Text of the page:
When Andrew Moore opened his show, Through the Seasons, on July 30, he was just one of three artists featured in the Moore Family Gallery. His 27-year-old daughter, Hannah Moore, has just finished her Reverie exhibition, which ran from Saturday, July 2 to Wednesday, July 27, and is planning another show at the gallery in two years. Andrew Gordon Moore’s 25-year-old son will be exhibiting his ceramics in Exploring Porcelain at the gallery next summer.
This is the second year for the Moore Family Gallery. “It seemed like such a natural path,” Andrew said in a recent interview. He credits his two children with rejuvenating the gallery after running it for 20 years. “We were all drawing from the inside,” he says. The three used 30 gallons of white paint, transforming what was Andrew Moore Gallery—both physically and emotionally. “It’s all ours now,” says Andrew. He also found that his two children brought a lot from the world of technology. “Everything has become more efficient,” he says. He found it so invigorating to watch them develop individually as artists.
The family tradition goes back longer than these three. Andrew’s great-great-grandfather was a Hudson River School painter, his late mother was a drawing teacher and painter, and his father was an architect. His brother, Ali Moore, is the art director of MV magazine, and his sister, Nina Howell, is a kitchen designer for the Vineyard Home Center in Vineyard Haven. “There’s a lot of energy. It’s kind of a family calling,” says Andrew. The gallery will be open all year round, by appointment in the off-season.
“Coming to the Vineyard was a big adventure for me,” says Andrew. “For them, it’s just the opposite. Who knows what direction they will go.”
He describes himself as a very realistic artist. He does not reproduce an exact moment in his paintings, but creates a new moment in oil, egg tempera or watercolor. His painting “In the Stream” is an example of what he is talking about. In these paintings with a human element like “Hannah” he creates a mixture of the concrete world with a distillation of memories. “People are part of everything,” he says. “They’re in the world they work in.” The portrait in “Hannah” includes the trees and daffodils planted when she was a little girl. “The painting is an exploration of her world, which is contemplative,” he says.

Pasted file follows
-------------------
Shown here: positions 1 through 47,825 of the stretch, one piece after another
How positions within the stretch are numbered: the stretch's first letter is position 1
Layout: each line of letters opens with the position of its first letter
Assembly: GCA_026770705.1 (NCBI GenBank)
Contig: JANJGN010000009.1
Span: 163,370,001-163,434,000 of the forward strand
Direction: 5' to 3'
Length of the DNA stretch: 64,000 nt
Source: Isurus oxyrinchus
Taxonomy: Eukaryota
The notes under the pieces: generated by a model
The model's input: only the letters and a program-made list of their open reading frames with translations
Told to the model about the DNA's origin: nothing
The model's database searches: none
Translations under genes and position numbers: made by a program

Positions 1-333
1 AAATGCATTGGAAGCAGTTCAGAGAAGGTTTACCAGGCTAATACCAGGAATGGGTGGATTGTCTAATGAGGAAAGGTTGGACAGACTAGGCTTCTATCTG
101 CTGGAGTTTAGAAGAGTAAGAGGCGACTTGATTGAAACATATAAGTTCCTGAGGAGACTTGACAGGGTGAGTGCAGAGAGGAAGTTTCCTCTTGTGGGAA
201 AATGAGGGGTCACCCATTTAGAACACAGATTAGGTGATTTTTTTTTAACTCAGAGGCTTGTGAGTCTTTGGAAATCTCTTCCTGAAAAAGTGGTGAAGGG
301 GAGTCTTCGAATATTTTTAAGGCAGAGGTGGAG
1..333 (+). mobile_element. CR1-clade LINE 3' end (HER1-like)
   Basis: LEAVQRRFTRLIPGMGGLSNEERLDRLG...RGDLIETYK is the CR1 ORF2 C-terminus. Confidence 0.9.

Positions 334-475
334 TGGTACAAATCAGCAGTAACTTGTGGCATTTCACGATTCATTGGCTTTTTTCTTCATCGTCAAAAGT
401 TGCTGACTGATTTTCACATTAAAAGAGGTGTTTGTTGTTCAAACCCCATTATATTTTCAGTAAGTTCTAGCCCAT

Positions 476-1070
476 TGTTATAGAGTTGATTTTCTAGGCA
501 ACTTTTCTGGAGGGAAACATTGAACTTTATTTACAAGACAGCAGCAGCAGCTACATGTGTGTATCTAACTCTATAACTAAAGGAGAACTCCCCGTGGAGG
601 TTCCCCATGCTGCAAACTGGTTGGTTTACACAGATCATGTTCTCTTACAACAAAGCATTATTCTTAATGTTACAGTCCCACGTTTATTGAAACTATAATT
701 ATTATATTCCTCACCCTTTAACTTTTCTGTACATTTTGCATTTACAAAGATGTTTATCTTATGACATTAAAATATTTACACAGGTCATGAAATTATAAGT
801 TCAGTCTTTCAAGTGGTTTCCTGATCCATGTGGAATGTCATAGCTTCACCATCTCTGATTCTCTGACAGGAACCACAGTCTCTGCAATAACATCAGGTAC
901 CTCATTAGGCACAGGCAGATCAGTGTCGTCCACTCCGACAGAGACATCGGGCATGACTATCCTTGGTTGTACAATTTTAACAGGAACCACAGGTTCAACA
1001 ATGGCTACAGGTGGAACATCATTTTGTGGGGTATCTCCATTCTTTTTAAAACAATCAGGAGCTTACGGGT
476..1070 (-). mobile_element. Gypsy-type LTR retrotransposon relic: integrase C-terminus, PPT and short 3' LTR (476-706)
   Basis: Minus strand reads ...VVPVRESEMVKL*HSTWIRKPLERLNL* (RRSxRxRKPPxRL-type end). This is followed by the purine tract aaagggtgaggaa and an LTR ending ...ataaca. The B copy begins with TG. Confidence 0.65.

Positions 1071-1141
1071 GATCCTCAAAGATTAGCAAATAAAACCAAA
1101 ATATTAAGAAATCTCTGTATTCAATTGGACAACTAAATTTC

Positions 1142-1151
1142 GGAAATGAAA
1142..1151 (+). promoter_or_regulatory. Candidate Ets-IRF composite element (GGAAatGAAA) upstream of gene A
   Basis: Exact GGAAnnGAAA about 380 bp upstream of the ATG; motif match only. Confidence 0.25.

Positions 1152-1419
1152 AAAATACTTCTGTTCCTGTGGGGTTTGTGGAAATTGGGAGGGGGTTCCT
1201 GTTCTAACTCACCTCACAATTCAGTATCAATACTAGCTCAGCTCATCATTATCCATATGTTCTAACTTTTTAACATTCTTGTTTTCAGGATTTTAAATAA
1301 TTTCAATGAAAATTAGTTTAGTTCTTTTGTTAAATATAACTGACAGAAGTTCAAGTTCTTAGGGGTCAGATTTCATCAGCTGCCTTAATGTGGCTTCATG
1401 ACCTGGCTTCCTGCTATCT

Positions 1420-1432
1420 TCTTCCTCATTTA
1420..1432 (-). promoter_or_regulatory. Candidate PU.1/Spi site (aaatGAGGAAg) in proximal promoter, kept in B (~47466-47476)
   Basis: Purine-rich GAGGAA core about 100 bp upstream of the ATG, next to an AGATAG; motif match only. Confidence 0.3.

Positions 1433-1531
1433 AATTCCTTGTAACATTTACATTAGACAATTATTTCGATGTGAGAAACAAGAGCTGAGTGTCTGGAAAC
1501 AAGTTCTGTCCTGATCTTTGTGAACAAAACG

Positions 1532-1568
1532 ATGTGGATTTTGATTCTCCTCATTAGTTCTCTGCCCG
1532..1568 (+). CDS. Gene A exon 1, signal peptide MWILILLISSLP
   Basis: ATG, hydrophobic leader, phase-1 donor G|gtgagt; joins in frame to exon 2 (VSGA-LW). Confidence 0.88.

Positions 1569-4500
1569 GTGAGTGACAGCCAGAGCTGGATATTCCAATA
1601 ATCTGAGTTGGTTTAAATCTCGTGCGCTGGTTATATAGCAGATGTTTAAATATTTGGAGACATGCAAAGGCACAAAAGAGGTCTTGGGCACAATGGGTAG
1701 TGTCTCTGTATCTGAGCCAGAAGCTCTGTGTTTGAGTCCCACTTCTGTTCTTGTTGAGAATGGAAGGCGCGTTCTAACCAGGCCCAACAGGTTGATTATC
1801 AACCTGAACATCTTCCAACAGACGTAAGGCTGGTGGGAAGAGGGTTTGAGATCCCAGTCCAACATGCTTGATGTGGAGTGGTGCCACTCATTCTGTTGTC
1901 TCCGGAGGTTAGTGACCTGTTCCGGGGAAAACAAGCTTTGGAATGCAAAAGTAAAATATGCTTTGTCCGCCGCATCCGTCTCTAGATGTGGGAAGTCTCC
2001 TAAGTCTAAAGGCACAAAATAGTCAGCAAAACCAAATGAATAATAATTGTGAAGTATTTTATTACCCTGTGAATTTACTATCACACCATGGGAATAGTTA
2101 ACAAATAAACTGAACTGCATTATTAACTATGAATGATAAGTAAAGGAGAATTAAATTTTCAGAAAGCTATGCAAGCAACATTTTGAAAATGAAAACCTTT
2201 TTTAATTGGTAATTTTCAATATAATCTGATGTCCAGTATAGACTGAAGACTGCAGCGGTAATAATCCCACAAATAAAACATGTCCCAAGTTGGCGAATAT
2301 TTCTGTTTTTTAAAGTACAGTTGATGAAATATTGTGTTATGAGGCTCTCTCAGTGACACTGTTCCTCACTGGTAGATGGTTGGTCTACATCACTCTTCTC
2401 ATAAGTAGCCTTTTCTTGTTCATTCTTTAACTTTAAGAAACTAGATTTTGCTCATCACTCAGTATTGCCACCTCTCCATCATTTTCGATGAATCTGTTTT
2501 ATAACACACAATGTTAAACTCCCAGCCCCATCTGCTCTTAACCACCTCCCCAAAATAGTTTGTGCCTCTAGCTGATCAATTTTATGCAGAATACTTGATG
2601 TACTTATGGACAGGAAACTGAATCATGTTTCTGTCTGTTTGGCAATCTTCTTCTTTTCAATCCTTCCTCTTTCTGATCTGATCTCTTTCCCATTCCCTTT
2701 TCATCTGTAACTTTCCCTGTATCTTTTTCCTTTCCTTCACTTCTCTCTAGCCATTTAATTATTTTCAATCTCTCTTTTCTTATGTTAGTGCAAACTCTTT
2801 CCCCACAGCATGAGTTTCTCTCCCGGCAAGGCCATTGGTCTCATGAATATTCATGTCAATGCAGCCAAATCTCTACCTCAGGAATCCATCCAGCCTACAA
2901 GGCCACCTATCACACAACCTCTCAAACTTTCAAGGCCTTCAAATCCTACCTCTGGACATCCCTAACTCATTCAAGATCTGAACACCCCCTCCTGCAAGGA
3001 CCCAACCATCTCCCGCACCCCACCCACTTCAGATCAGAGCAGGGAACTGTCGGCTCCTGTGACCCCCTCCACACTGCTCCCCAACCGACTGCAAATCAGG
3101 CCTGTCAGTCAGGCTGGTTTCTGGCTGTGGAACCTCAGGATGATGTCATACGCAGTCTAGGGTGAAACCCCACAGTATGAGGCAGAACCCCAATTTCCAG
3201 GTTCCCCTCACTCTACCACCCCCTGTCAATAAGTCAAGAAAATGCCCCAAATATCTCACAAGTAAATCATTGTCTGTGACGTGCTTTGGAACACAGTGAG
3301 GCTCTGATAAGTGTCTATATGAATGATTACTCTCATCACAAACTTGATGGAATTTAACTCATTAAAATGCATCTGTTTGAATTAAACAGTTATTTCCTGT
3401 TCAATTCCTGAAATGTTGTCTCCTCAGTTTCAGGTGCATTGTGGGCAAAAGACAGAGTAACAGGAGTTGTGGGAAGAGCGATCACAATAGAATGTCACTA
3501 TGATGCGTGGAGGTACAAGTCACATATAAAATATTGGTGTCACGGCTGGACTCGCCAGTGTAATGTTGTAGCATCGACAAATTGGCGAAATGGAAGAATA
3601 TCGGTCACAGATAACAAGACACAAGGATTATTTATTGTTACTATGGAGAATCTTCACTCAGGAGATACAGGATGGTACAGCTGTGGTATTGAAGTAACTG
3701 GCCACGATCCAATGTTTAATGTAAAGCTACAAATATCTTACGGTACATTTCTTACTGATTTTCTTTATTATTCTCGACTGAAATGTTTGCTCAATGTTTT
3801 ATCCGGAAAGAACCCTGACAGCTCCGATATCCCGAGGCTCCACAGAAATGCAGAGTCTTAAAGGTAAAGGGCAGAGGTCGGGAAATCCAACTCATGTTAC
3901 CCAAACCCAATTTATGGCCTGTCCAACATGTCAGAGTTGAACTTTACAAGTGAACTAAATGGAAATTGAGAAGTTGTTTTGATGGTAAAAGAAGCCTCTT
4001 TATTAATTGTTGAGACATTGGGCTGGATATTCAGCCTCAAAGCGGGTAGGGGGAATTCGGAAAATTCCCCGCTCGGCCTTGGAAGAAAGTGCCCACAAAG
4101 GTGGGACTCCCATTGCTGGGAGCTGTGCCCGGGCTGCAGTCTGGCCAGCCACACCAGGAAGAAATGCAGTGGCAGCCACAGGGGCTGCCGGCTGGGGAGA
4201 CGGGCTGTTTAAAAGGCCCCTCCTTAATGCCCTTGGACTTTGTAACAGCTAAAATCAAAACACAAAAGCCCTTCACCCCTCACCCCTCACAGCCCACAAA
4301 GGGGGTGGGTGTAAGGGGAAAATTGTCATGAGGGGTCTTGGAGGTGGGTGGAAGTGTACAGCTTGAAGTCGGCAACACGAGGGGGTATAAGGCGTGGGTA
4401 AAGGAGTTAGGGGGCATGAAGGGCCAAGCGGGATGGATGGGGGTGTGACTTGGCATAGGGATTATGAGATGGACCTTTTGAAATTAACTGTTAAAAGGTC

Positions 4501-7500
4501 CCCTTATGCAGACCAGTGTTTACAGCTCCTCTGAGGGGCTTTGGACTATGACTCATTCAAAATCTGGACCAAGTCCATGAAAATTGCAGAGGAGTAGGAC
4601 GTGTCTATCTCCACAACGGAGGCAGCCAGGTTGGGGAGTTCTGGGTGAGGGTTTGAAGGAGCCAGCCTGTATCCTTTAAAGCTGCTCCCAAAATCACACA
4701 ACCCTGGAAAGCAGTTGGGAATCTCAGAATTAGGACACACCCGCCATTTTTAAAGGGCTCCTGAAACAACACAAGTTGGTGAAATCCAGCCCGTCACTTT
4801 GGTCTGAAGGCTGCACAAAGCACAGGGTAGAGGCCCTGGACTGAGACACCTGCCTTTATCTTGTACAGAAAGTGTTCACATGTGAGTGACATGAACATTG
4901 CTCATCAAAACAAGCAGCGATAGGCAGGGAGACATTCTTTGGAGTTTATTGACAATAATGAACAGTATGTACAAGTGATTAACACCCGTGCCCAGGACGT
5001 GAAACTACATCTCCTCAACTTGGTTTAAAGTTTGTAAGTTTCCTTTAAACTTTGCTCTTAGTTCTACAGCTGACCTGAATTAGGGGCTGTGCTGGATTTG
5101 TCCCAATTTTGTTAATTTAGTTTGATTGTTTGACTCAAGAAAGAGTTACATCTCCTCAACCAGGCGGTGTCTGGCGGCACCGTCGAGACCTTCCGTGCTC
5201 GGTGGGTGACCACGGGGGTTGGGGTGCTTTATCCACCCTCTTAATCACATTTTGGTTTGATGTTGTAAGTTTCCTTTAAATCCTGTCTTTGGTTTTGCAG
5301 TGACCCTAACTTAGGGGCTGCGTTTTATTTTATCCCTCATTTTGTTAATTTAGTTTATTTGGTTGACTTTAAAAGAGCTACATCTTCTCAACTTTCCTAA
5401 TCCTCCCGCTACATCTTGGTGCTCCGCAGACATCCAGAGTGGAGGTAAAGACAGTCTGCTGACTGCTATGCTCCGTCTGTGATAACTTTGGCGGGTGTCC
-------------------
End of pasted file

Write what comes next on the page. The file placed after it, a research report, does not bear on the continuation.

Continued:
Discussing his landscapes, Andrew says, “After painting the vineyard for over 40 years, it’s still an exploration of that place.” Many of his oil paintings, such as ‘Flurry’, take a year or more to create. “It’s a lot of learning about where we live.” After his show opens Aug. 30, he’ll go to Tenants Harbor, Maine, near Penobscot Bay. He used to visit his mother who lived there but died four years ago. He is now with Hannah and Gordon.
At 18, he was a dishwasher at the Black Dog Tavern and cleaned fish with Jack Livingston. He was painting a watercolor of a school of bluefish on the dining room table after work. His grandmother came with a friend who wanted to buy it. “That was the beginning of the end of my career as a dishwasher,” he said, and began exhibiting at the Old Sculpin Gallery in Edgartown. Andrew attended architecture school at the University of Virginia, but it was the lure of painting that attracted him. Raised in the Boston area, he moved to the Vineyard in 1985. After the Old Sculpin Gallery, he exhibited at the Field Gallery. Performances followed in the Granary. His painting combines his interest in design, something he explored in college. “There are certain designs in everything,” he says.
Hannah followed in her parents’ footsteps. He began college at Syracuse University, then transferred to the Rhode Island School of Design. “Most of my work is nature-based,” she says. He paints with oil paints, paints with watercolor and ink birds, as well as the flora around them. “The birds are the focal point,” she adds, as with After the Rain. When she exhibited at the Field Gallery in West Tisbury last year, most of her works sold out.
Her brother Gordon moved to Williamsburg in Brooklyn, New York. “We still want to keep his work in the gallery,” she says. Hannah notes that his work is influenced by Martha’s Vineyard and points out the fish and birds shown on the surface of his ceramic pieces. In her own work, she likes to explore the natural history of plants. “I like to learn about a lot of plants,” she says, also using field guides for research.
When her father’s show comes up, she says, “In September, we’ll put together the work that’s left and have a group show by the end of the year.”
Andrew Moore, Through the Seasons, Moore Family Gallery, Harthaven, Oak Bluffs, through August 31. For more information visit moorefamilygallery.com.